The U.S. Digital Service will pilot new types of digital projects, establish fresh short- and long-term objectives to help hold itself to account, and push for stronger partnerships with tech organizations in the government as part of a new strategic plan for 2024, FedScoop has learned.
According to presentation slides of USDS Administrator Mina Hsiang’s strategic priorities for 2024 obtained by this publication, the agency will work with OMB on the budgeting process to support agency resourcing, increase USDS’s investment in organizational and talent operations, and better emphasize stories that humanize its work and impact in addition to highlighting important data points.
Although some of the language within the strategic priorities presentation is broad, it does not include specific mention of the agency’s self described top three objectives highlighted on its “our mission” page on the agency website: “1. Transform critical, public-facing services, 2. Expand the use of common platforms, services, and tools, 3. Rethink how the government buys digital services.”
However, the presentation does include an entire slide addressing their forth objective of the agency which is to “bring top technical talent into civic service.”
One of the key USDS’ strategic priorities for 2024 includes “clearly and collaboratively establishing near and long term objectives for our work and holding ourselves and agencies accountable to them,” the slides said. They were part of a presentation to shared with staff during a meeting last week led by Hsiang, according to a person familiar with the matter.
Furthermore, the agency plans to focus on “piloting new types of projects and approaches to expand our capabilities and learn what works,” according to the slides obtained.
Speaking with FedScoop, Administrator Hsiang confirmed details of the updated strategy, and said the priorities include: continuing to work directly with agencies like HHS and SSA to deliver better digital outcomes, helping to create stronger tech organizations within agencies to improve operations, and supporting agencies in building their capacity to hire more employees with tech expertise.
“Since earlier this year we’ve been partnering with the Social Security Administration, and we help them rebuild their entire public facing website. So if you look at SSA.gov now, as compared to what it was like in January of this year, it’s materially different,” Hsiang told FedScoop during a virtual interview from her home in Boston.
“So the overall completion rate of tasks on SSA has increased by more than 10%. We’ve seen pretty significant improvements at SSA, on how the public is able to access services via their website based on that partnership that we’ve had with them,” Hsiang added.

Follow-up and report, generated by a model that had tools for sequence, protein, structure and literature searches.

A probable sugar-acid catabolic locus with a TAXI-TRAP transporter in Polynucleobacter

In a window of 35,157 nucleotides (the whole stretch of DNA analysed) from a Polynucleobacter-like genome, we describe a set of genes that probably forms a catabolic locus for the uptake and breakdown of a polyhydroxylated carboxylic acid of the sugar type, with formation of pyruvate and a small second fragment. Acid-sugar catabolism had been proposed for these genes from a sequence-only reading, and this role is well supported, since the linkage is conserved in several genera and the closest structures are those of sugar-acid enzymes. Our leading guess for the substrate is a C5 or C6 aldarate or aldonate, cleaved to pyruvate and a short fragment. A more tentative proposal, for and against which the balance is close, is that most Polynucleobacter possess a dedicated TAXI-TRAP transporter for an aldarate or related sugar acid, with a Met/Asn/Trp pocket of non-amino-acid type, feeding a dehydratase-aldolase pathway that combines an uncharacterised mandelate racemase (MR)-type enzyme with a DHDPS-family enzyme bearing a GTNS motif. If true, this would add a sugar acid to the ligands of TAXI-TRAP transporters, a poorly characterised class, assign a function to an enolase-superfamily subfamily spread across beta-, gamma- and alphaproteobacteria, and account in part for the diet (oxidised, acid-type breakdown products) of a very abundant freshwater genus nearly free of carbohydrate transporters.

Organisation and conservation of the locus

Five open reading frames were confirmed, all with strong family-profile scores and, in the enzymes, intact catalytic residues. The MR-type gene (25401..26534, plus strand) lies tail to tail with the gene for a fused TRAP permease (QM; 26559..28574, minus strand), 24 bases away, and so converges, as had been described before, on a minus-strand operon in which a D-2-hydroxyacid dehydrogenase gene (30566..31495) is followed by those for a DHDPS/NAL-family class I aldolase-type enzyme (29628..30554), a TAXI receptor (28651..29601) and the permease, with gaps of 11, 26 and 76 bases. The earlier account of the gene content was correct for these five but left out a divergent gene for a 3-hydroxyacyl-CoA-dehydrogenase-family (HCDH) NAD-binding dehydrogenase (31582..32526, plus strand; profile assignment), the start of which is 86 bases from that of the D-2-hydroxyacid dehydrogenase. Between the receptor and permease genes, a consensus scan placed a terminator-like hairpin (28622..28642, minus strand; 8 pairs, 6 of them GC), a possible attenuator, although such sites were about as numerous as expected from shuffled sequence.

Hsiang is the third administrator at USDS, which was launched in 2014 by the White House to provide consultation services to federal agencies on IT and technology issues as well as work to improve and simplify digital services including improving federal websites in particular.
According to Hsiang, website redesign is only one of several ways USDS works with federal agencies to improve digital experiences for citizens. It also often focuses on reengineering business processes and integrating technical services that are necessary for enhancing customer support and experience, she said.
In the presentation slides, the agency also stated that one of its strategic priorities is “partnering more effectively with other technology organizations across the gov like TTS, TMF and the OFCIO to ensure the best allocation of resources against end objectives.”
Technology Transformation Services is a division of the General Services Administration (GSA), which is responsible for leading the digital transformation of government agencies. The Technology Modernization Fund (TMF) received a $1 billion infusion under the American Rescue Plan, and is focused on providing extra funding to agency technology projects with governmentwide implications.
The Office of the Federal Chief Information Officer (OFCIO) provides overall strategic direction for improving IT practices across government and sits within the Office of Management and Budget (OMB).
When asked about how specifically Hsiang planned to work more effectively with other tech entities in the federal government to transform the digital experience of Americans, Hsiang said there were no major improvements needed at the moment.
“We have an extremely close relationship at this point. I know at various points in time that hasn’t always been true,” the USDS administrator said.
“We share full information about what we’re working on, how things are going, and ensure that we’re not duplicating and that we can be additive and are well coordinated across the organizations,” she added.